Al Zelinka relishes his new role as city manager in Huntington Beach
Al Zelinka said he never aspired to become city manager. Instead, a service career led to him being asked to play the role of Riverside in 2018. Four years later, Zelinka came to Huntington Beach.
It was approved by the city council on May 3 and started as Surf City City Manager June 27.
Zelinka took the seat once held by Oliver Chi, who resigned last November, with Sean Joyce serving as acting city manager for several months.
Zelinka, 54, earned a bachelor’s degree in public planning from Northern Arizona University and a master’s degree in regional planning from Cornell University. He lives with his wife Anna and 16-year-old son John, a junior entrant at Servite High, in the city of Orange.
Zelinka recently sat down with the Daily Pilot to answer some questions about her career.
Responses are edited for length and clarity.
Question: What led you to become a city manager? Was it something you thought you wanted to do for a career?
Answer: I have worked in urban planning and about half of my career has been in the private sector for consultants. While working primarily in California, I held various positions in approximately 28 states and over 100 cities nationwide. Urbanism allowed me to make a difference. That’s all I wanted to do in my career, to make a difference in the communities I served.
When my son was about 2 and a half years old, he started saying, “Dad home, dad on the plane?” I traveled so much for my job. One of my clients was the city of Fullerton, and at that time they had a planning officer position open. I thought, job #1 is to be a dad, so I’m gonna quit the privy council and join the town of Fullerton. This was my first major foray into public service, in 2008.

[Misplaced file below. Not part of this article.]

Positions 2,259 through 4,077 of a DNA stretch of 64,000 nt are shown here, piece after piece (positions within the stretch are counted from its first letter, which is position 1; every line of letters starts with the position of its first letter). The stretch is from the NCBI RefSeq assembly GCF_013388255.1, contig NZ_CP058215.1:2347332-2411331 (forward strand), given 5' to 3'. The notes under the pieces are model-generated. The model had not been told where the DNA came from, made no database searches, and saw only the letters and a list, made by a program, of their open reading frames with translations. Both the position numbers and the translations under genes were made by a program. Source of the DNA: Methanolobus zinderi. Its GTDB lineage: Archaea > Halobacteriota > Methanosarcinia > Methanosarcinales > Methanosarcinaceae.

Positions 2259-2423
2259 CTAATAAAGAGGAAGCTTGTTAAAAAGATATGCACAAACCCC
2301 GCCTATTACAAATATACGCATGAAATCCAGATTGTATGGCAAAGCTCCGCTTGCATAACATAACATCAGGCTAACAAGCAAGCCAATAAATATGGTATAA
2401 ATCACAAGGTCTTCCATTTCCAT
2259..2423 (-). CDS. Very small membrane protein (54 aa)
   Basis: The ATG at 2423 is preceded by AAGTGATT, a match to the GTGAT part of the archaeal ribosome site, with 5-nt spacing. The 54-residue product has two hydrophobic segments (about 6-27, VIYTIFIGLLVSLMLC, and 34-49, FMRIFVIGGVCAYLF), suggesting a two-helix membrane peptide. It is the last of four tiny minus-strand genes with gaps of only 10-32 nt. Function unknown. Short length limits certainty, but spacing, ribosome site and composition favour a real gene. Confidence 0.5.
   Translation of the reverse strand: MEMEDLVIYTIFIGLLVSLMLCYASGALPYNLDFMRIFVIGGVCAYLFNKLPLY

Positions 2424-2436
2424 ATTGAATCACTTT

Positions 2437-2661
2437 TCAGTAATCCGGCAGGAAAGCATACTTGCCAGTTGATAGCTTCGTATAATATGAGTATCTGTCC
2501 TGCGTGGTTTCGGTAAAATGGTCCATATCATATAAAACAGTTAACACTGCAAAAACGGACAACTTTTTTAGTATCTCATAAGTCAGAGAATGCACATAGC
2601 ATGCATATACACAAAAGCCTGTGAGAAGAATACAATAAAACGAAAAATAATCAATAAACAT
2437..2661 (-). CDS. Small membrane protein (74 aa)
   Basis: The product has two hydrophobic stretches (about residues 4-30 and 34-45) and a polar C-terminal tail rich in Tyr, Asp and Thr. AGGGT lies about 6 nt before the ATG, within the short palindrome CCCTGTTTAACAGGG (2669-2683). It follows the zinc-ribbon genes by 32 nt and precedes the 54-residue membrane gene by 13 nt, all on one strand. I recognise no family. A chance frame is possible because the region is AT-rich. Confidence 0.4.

Q: Then you finally became Assistant City Manager of Riverside. What did this step look like?
A: I really enjoyed that. I like to connect the dots… There are so many opportunities for synergy between departments that can benefit the public. It was wonderful to realize that by seeing the big picture, I can help departments work together for better results. I did that for about four years.
In 2018, the city council asked me to be their general manager. I was very apprehensive about this… [but] this four year trip to Riverside was fantastic. In the end, I felt I could make a difference as a city manager because that experience I had as an assistant city manager was now magnified. I could connect the dots not just between departments, but at a higher level, the needs of the community, the needs of the organization, the interests and aspirations of elected leaders. It was a wonderful opportunity to bring all these elements together to achieve good results.
Q: What are you most proud of during your tenure as City Manager of Riverside?
A: Despite COVID…we have gone from a structural deficit to a budget surplus. We have made the decisions and adjustments necessary to bring financial health to the city, and in a meaningful way. I’m proud to have built on the shoulders of previous administrations and been able to open a new, world-class Main Library downtown. I’m proud that we were able to open the Cheech Marin Center for Chicano Art & Culture in our former Mid-Century Modern Library.
I am proud that we were able to open the Southern California Mission Research and Test Headquarters for the California Air Resources Board. Earlier in my career at Riverside, we were part of a larger community team that competed against LA County for the consolidation of all CARB research and testing facilities, and that resulted in a facility of $450 million state-of-the-art emissions test and research. at Riverside.
I am proud to work with the board to establish a community engagement policy, i.e. in draft form…to provide the community with a minimum level of expectation for all departmental efforts, so that people can count on a certain level of community. We have also implemented a bi-annual Citywide Quality of Life Survey, to understand the pulse of the community on a range of quality of life topics.
I am proud of the many developments we have facilitated downtown and other areas of the community. We have implemented a food systems program… so that over time, Riverside will be less dependent on imported food and can develop and grow its own food locally.
Q: What prompted the move to Huntington Beach?